And there was a sense of community spirit. That everyone was in it together. “If there was a death in the family, there would be more food at your home in a day than you could eat all year,” Poland said. He recalls a blizzard that once swept in, leaving Ashburn Road in deep drifts. Local men dug out Ashburn Road all the way north to Route 7 so the milk trucks could get out. “It was such a small community, we had to count on each other for help.”

This is what Ashburn Village threatened. How could a tiny, tight-knit community of 200 people absorb 5,000 new homes and 5,000 new families, along with new stores and roads and businesses without something — everything — changing? They answer is they couldn’t — and they knew it.

HOPES

But the rolling hills and the corner store were only half of the picture of Ashburn in the mid-1980s. There was another side as well — one that led some people to hope Ashburn Village would bring new life to a community that many felt had been dying for years. The red clay soil in Ashburn had never been great for farming crops.  Locals say it didn’t grow much, but it produced enough for dairy cattle to munch on. Indeed, dairy had been the mainstay of the local economy since the 1800s. But by 1985, many of the local farms had shut down and were vacant. “Farmlands were being bought out for development. Dulles Airport took out hundreds of acres, and that was the start of it all. That is why so many of us left Loudoun County and moved ‘over the mountain,’ as we say,” said Cox, who moved for a time to Clarke County with her family.

Indeed, older residents were dying and others were moving away, and there just weren’t younger families coming in. During this time, Tillett’s Auction Barn — which still stands off Belmont Ridge Road — was busier than ever. “One of the big things at that time was farm auctions — families getting rid of their stuff. Most of the farms had sold out or were getting ready to sell out,” Poland said.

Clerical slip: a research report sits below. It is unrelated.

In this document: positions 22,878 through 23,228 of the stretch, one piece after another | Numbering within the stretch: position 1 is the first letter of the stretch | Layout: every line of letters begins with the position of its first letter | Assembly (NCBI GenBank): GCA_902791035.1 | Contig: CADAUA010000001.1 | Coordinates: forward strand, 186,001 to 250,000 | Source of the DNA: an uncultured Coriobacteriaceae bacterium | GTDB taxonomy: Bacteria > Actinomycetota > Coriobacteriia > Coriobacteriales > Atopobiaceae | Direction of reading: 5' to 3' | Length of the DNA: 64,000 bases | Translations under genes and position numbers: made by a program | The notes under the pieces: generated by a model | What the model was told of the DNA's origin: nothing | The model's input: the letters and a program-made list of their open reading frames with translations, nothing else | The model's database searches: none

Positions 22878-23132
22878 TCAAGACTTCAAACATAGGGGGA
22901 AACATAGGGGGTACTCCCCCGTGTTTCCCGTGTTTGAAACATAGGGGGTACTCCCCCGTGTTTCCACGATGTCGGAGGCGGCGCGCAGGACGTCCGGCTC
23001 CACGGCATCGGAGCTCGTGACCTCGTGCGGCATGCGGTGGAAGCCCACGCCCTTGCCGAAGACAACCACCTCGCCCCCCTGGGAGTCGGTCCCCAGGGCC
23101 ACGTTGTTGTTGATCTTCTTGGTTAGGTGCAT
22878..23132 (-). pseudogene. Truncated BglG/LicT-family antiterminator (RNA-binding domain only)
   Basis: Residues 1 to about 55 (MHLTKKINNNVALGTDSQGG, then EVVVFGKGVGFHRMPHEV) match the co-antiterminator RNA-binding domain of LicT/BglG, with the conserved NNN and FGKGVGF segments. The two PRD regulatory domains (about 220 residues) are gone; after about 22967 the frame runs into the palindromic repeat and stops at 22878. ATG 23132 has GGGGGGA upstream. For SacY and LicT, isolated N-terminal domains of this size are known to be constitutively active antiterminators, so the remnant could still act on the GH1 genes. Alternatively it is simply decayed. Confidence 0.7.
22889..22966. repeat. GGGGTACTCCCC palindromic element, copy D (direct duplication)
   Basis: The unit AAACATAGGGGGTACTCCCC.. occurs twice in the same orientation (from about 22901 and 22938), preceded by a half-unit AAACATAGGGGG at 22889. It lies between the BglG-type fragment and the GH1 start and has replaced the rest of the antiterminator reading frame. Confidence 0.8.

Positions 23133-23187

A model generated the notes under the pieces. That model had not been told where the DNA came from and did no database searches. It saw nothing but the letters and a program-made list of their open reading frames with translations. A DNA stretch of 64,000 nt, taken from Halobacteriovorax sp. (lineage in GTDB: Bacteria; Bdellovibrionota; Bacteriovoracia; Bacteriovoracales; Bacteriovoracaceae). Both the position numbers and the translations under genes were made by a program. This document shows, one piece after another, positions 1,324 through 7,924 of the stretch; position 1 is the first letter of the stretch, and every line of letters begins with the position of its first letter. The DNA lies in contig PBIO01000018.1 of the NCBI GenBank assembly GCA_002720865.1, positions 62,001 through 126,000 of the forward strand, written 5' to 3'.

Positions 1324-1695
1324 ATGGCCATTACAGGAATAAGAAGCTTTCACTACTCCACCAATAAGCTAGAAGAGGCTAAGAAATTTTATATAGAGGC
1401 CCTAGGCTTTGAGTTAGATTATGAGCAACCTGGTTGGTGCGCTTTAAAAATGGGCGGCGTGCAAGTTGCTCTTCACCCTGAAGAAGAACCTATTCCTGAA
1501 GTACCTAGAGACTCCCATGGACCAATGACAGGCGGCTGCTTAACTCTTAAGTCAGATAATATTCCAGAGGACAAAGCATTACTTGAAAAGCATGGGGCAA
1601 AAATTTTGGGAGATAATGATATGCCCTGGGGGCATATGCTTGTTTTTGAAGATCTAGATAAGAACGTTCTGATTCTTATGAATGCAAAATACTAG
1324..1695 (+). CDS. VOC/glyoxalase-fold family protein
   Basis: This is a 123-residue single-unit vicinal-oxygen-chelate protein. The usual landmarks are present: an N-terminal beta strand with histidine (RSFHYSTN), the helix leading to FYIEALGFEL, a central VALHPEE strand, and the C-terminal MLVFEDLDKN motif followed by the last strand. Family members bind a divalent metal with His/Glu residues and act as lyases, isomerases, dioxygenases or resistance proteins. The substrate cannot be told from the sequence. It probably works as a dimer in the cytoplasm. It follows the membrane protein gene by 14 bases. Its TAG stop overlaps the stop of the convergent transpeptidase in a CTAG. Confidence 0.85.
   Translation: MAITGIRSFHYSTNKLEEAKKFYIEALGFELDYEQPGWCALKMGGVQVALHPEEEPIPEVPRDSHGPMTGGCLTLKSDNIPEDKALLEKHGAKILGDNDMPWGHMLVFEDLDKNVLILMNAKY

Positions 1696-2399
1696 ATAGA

An aerial image of Ashburn before the boom. (Image: Joe Francis Collection)

And for the residents who did live here, things weren’t always easy. Roads were often gravel and filled with potholes. Homes were on septic tanks. Ashburn Village came with a promise from the developers to bring sewers to area homes and new, wider paved roads to the community — something Ashburn may not have merited otherwise. The Shetler family lived in the Sugarland Run neighborhood in Sterling, and Lara Shetler attended Broad Run High School. “Driving to the high school or taking the bus — it was a potholed back road,” she recalled. “It was paved, but it was more gravel than pavement.”

For real shopping — supermarkets, clothing shops, record stores — locals had to go to Herndon or Leesburg. Same if they wanted to cool off in a swimming pool or see a movie. “There was nothing between Sugarland Run and Leesburg. It was just wide open. They had a light at Route 28, and it was a flashing light,” Lara Shetler said. “If you wanted to go to a mall you went to Tysons or Fair Oaks. There was nothing close by.”

Sure, Ashburn Village brought the promise of change — but at least some of that change was something many in Ashburn desired. “I guess I may be getting convinced it will be for the better,” Ashburn resident Francis Costello said in the 1985 newspaper article. “Things certainly are at a standstill now.” And to this end, Poland says there wasn’t any serious movement to try to stop Ashburn Village. “I think a lot of people just felt it was inevitable. They saw Sterling Park coming in and Sugarland Run and Cascades. It was just moving in this direction,” he said. “There wasn’t anybody that lived in Ashburn that held enough power politically to do anything about it.”

When change came to Ashburn, it came quickly. To find out what happened when the community started to grow, plus more archival photographs, read the rest of Ashburn Magazine’s story “Crossroads” by clicking here.

 

 

5 Comments
  1. Tom Conway 2 years ago
    Reply

    Who are you kidding? The original community was obliterated.

  2. John H 2 years ago
    Reply

    I like all your content about new development, but I also like looking back like this article does.

  3. Moved to VA in 2001 2 years ago
    Reply

    Great post, I enjoy this type of history

  4. Anne H. 2 years ago
    Reply

    Loved this article (and many others you’ve written). Loved the history of Ashburn. I’m a newer resident to this area and always enjoy historical stories. Things and places always change, it just depends on how thoughtful the changes are made. Thanks again.